Apple, the iPhone Company

Illustration for article titled Apple, the iPhone Company

Apple watchers can now see how truly huge the company's iPhone business has become, thanks to a new accounting method the company started using this past quarter.

In less than three years, the iPhone has grown to become Apple's biggest business—up from zero.


Specifically, during Apple's December quarter, the company reported $5.6 billion of iPhone-related revenue, up 90% year-over-year. That edged out the Mac business ($4.5 billion) and iPod business ($3.4 billion) for the second quarter in a row and the third time ever. It was the first time the iPhone has beat the Mac and iPod businesses by more than $1 billion each.

And this despite Apple missing Wall Street's expectations for iPhone sales, thanks to increased competition from Google Android and other smartphones.

Why the new visibility? During the quarter, Apple started taking advantage of new accounting rules that lets it report the vast majority of revenue from iPhones and Apple TV devices immediately. Previously, it had to spread the revenue over 24 months to account for free software updates it would offer those customers.

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Hmmm interesting... After reading Conspiracy of Fools: A True Story for my Economics class when I was getting my MBA a couple years ago, I find this a little bit disturbing.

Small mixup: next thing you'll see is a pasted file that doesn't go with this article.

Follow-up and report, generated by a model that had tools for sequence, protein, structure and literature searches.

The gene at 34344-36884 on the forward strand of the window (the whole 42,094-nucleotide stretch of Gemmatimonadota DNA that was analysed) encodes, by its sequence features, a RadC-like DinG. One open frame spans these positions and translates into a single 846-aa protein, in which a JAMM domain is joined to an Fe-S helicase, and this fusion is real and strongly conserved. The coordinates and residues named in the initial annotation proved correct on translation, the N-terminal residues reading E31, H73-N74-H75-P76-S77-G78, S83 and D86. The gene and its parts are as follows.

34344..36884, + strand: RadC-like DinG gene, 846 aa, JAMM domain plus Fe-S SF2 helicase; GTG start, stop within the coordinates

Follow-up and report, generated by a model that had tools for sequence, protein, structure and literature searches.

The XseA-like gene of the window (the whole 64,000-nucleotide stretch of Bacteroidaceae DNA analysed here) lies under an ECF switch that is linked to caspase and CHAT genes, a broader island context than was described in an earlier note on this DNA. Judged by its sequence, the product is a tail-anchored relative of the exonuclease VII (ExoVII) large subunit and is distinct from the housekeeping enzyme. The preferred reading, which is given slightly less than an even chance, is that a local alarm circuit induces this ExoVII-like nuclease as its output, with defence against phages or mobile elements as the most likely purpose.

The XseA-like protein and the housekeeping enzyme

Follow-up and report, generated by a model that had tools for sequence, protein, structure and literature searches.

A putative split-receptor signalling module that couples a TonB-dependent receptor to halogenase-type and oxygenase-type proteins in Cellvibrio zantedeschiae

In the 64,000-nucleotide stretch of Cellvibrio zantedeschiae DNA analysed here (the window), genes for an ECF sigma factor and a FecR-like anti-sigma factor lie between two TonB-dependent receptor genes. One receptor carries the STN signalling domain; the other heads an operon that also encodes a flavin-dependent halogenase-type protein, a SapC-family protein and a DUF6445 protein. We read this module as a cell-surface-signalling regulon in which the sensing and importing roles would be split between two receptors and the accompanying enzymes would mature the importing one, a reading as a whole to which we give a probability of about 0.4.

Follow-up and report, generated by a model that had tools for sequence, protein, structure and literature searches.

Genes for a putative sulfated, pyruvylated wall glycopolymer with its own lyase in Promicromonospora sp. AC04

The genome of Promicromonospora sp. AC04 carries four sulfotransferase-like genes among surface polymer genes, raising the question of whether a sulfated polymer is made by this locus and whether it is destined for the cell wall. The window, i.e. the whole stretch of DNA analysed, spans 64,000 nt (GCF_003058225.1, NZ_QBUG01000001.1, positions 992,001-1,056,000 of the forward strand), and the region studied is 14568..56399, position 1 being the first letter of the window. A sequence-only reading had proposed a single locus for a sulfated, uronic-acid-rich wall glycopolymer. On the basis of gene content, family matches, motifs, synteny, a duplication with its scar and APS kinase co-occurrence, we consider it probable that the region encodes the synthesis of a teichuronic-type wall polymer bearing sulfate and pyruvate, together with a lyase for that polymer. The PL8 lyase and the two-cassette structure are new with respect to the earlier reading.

Enron did the same thing essentially - they "estimated" what kind of profits they'd be making on a project and "realize" all of the revenues up front. At first the SEC said no when they tried to do this, but then got them to acquiesce later. Those projects turned out to be complete failures and huge wastes of money (plants in India with political instability, a project in Brazil that never got started).

What really screwed Enron was that it was getting increasingly harder to make each quarter look good since the last was so profitable, so everyone in management was scrambling to get one of the aforementioned projects that would lead them to their huge bonuses.

I'm sure Apple's business climate and projects are more predictable and less volatile than the ideas and plans Enron had, but shouldn't this just not be allowed.